“…and he (Pontius Pilate) entered into the Praetorium again and said to Jesus, ‘Where are you from?’ But Jesus gave him no answer. So Pilate said to him, ‘You do not speak to me? Do you not know that I have authority to release you, and I have authority to crucify you? Jesus answered, ‘You would have no authority over me, unless it had been given you from above, therefore the one who handed me over to you is guilty of a greater sin.’ From then on Pilate tried to release him, but the Jews cried out, ‘If you release this man, you are no friend of the emperor. Everyone who claims to be a king sets himself against the emperor.’” (Jn 19: 9-12)
It’s Friday, once again, the day of our Lord’s crucifixion. So I will reflect a bit on the tragic figure of Pontius Pilate. On the one hand, Pilate is no super-villain. After all, Pilate “tried to release Him.” We can see that Pilate is conflicted; that his conscience is telling him that his Prisoner has “no fault.”
Nonetheless, he finally caves in to the demands of the Jews, against his own conscience, because ultimately, Pilate’s top priority was his own position; his “office.” He is concerned with asserting it, and he’s concerned with keeping it. Note that the accent in Pilate’s question, “You do not speak to me?” is on the “me.” He is blinded by his own “pride of office” to the Higher Authority speaking to him through his conscience, through his wife’s dream (Mt 27: 19), and through the Prisoner Himself, Who reminds Pilate of the authority “from above.”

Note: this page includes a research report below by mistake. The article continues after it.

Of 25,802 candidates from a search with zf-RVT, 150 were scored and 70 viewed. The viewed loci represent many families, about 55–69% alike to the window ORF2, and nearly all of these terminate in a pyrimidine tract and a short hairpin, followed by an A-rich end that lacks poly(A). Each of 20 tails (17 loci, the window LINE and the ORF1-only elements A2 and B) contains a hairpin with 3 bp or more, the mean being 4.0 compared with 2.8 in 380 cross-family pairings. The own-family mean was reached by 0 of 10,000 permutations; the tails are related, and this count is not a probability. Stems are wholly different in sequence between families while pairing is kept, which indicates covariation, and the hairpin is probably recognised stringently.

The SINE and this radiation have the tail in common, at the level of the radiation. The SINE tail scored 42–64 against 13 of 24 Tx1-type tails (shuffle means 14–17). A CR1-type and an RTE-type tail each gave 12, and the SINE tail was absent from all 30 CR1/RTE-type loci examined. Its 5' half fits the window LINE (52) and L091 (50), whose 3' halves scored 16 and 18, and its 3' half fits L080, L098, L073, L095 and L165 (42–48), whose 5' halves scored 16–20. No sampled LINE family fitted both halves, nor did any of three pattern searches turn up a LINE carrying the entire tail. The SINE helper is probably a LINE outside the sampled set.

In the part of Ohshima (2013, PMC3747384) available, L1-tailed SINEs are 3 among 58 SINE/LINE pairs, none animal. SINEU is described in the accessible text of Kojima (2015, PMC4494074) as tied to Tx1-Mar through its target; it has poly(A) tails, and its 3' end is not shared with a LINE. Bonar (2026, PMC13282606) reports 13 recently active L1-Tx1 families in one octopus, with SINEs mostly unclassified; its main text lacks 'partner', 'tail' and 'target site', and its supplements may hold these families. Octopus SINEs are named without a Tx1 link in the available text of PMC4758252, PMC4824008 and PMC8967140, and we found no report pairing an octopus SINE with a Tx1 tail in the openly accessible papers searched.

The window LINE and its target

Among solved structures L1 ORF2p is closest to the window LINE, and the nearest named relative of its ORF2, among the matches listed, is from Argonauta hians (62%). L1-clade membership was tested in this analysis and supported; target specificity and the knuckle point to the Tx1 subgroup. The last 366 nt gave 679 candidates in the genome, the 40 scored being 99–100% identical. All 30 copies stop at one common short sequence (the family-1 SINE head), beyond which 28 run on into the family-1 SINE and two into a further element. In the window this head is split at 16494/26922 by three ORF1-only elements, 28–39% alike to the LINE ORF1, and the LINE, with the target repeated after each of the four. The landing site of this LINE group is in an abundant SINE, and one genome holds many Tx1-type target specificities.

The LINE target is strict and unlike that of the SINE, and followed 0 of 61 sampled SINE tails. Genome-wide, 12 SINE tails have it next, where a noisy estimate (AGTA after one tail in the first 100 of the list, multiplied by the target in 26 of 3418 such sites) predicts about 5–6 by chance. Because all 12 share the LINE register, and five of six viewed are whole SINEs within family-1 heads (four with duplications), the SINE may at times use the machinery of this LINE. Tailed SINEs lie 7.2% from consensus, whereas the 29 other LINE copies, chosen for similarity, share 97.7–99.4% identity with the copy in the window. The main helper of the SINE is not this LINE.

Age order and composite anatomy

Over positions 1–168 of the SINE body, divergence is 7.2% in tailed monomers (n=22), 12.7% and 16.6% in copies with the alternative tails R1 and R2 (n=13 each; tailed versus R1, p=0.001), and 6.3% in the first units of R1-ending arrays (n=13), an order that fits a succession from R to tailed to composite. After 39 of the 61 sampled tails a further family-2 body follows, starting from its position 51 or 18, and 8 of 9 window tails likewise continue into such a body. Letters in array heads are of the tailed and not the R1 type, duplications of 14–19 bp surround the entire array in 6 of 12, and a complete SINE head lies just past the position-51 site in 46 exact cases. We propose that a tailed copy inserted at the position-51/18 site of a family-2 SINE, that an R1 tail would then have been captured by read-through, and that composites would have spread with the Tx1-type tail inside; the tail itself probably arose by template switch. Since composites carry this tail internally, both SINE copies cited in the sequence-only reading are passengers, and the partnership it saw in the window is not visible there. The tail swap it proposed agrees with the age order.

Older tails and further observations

Let me remind myself today, whatever position or bit of authority I may possess, - either in my profession, in my community, or in my family, - not to be blinded to Christ, Who may be standing before me and speaking to me through someone who does not have my position or bit of authority. Let me recognize the One Source of Authority, and hear His voice in all my actions and attitudes toward anyone I encounter today.